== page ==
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What does a fashion show need?  Lots of gin, 6pm summer sunshine and Damian Lewis as a guest host.  The Pencil Atelier fashion show had all those things as all those aforementioned neon-printed frocks were paraded along a haybale catwalk in the Wardrobe Department.  Christopher Kane has nothing to worry about yet but those neon gradiated gingham dresses did look mighty fetching.

0E5A5184Mrs Rubbish hosting Pencil Fashion Show proceedings

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0E5A5185You say Nicholas Brody, I say Soames Forsyte

The fashion show was followed by the inaugural Port Eliot Prom, organised by Sarah Mower.  No left out nerds and jock n’ cheerleader couples here.  Just whoever turned up in their glad rags and wanted to be entered in the prom parade to be in with a chance of being crowned with three beautiful resin crowns, made by Fashion East’s latest addition to their line-up Ed Marler.

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My favourite outfit was number 26.  Just saying.

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There are no winners or losers of course in the spirit of Port Eliot but three lucky girls got to wear and keep these elaborate crowns.  Not that I’m errr… jealous of a six year old or anything…

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I’ve got to say a big thumbs up to my first “glamping” experience thanks to the kind folks at Yurtel.  Electrical plugs inside the yurt, a lockable wooden door (still had the laptop with me…) and a heart-embedded skylight were the touches I loved.

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It was great to discover a new vintage source in Dolly Blue, owned by Lily Walford, who happens to be the wife of catwalk show production expert John Walford.  Lily has a love of Victorian/Edwardian cotton undies and petticoats and she also turns French linen into dresses and jackets.  I bought a sweet Hungarian-embroidered blouse from Lily and hope to see her soon for all my Victorian whites needs.

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On the picture front, I had to end with a trio of rainbow goodness.  Port Eliot really is bursting with colour and it seems to create an environment where people feel it’s safe to express themselves with colour, whether it’s dressing up in silly wigs and hippy dippy clothes or going all out in the Wardrobe Department.  You wonder why that sense of inhibited freedom can’t be felt outside of the grounds of Port Eliot in day to day life.  Apparently real life, normal jobs and judgemental peers all get in the way.

0E5A4483Loved how kids were selling their self-made loom bands as an enterprising business at the festival… this kid was charging 50p a band.  I did say he should charge £1.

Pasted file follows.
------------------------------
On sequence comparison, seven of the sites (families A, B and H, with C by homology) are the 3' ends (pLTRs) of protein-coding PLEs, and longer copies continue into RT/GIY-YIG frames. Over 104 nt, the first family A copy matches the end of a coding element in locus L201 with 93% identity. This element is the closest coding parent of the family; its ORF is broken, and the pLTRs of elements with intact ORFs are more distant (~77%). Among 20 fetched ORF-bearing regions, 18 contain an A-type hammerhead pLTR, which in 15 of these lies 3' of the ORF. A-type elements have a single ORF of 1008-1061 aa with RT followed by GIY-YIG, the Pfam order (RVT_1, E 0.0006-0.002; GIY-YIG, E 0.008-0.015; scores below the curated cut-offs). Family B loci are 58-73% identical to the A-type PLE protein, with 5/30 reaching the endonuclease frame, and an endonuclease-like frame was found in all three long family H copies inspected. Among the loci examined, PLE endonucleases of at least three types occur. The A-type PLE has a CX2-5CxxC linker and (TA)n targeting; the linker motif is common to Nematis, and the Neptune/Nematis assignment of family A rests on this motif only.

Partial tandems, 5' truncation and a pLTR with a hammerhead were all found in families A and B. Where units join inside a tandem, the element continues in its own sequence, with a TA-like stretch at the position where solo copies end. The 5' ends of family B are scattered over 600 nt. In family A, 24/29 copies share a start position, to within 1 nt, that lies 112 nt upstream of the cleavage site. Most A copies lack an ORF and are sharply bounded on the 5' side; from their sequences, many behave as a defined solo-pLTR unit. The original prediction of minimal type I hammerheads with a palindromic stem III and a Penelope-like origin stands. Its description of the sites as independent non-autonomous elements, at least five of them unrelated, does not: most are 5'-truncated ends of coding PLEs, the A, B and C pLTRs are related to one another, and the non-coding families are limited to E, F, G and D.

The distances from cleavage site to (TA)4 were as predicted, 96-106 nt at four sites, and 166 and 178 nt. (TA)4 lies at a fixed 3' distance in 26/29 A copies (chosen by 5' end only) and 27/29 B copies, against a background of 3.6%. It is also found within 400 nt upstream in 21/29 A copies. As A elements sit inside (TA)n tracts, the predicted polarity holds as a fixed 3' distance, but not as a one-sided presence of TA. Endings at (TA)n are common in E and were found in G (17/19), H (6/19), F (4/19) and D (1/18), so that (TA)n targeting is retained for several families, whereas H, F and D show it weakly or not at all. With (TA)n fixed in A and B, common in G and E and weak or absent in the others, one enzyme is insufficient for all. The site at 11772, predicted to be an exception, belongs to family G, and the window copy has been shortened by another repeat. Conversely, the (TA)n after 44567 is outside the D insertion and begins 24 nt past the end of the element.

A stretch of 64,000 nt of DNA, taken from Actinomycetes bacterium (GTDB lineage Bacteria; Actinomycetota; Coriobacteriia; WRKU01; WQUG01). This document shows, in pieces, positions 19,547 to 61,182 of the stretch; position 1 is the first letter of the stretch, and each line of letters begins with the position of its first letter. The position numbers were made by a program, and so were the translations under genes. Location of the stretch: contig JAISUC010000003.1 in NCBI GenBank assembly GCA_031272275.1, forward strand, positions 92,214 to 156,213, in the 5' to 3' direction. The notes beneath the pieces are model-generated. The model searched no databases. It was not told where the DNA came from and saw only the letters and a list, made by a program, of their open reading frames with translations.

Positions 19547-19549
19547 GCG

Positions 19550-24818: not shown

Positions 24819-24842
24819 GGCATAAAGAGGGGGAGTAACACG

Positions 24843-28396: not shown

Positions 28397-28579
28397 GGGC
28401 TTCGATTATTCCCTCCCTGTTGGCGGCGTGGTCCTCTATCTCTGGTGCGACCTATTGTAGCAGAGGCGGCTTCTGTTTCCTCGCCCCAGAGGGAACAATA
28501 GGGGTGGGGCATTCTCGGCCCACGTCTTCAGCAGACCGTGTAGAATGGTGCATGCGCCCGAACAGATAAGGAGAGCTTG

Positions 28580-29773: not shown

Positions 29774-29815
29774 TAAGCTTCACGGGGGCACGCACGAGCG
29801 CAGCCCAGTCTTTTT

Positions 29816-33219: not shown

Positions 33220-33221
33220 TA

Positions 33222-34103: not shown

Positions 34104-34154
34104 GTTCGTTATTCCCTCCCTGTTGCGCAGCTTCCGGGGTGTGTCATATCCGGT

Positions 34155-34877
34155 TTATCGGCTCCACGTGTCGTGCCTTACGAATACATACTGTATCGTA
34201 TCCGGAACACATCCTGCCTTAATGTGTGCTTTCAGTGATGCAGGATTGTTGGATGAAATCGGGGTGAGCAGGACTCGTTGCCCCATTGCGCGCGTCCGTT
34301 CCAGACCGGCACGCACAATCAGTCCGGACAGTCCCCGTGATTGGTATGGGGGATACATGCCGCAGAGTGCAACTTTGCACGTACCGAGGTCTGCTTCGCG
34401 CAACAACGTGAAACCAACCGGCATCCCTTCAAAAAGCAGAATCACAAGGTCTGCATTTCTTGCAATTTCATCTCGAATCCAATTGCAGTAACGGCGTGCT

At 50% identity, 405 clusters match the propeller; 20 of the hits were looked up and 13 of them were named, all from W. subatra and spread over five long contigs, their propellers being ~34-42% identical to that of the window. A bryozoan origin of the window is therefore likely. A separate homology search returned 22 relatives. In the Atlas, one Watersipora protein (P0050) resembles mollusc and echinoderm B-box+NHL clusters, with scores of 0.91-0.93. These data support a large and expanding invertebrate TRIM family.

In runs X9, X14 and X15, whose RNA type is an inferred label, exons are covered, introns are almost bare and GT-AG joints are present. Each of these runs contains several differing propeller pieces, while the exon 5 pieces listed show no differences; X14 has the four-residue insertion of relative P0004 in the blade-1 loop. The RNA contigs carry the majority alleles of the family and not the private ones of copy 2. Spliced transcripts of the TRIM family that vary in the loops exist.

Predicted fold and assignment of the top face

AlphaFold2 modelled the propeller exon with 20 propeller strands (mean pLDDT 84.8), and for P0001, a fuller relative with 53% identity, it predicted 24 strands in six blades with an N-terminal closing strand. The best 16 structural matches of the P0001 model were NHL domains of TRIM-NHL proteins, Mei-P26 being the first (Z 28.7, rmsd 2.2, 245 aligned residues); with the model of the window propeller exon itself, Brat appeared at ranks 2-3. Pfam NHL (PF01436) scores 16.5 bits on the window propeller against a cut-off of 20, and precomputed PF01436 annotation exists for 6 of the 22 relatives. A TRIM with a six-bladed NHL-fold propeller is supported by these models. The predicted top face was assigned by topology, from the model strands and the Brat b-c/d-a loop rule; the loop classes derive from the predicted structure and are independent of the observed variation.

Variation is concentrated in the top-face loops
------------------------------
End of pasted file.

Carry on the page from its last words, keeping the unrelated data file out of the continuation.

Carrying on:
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IMG_4558Easy to picture stalk this girl in her LED lit-up dress…

So we come back to reality.  And back in real land, I’ll be ploughing through a list inspired by Port Eliot’s non-fashion events, which I’ve rounded up here.

To eat…

- I was tempted by Cloud Nine’s marshmallows because I kept hearing people raving about them every time I passed their stall at Port Eliot.  One bite into their strawberry/champagne marshies and I was smitten.  Even veggies who didn’t realise they were eating gelatine were swooning.  Must buy more.

- Port Eliot definitely upped its food game this year with even more choices to indulge in.  My personal faves were The Cornish Fishmonger‘s samphire and seabass, Rum and Crab Shack‘s soft shelled crab burger and everything from The Bowler’s Meatball.  Food trucks/entities that are worth waiting for.

- I missed quite a few of the food talks but have a food book list to get into including the Hemsley sisters’ first tome on The Art of Eating Well and Seb Emina’s Breakfast Bible.

To see/read…

- As I mentioned, Andy Miller’s The Year of Reading Dangerously sounds like a riot as he recounts his experience of reading fifty great books.  Sounds odd to read a book about reading but when I have gradually lost the time to read, I think I need this to kickstart my habits.

- Christopher Simon Sykes was incredibly entertaining when reading excerpts from his definitive biography of David Hockney, focusing on his early career at the RCA.  Sykes’ accents and expressive way of reading brought the book to life but this one looks like a good kindle on-the-tube read.

- I finally got to see my hero Martin Parr, who is a Port Eliot regular, who along with his authoress wife Susie, talked about their book The Non-Conformists.  In the 1970s they had photographed the close-knit methodist community in Hebden Bridge and it’s a chance to see Parr’s lesser known and altogether “quieter” black and white work published in this book.  I will also have to try and catch Parr’s first ever film Tinsel and Turkey, which follows a group of coach holidaymakers in the Black Country, as I missed BOTH screenings of it at Port Eliot.  Boo.

- Louise Gray and James Buck emerged from Viv Albertine’s talk at Caught by the River with tears in their eyes.  A sure sign that Albertine’s memoir Clothes…Music… Boys…  must be read.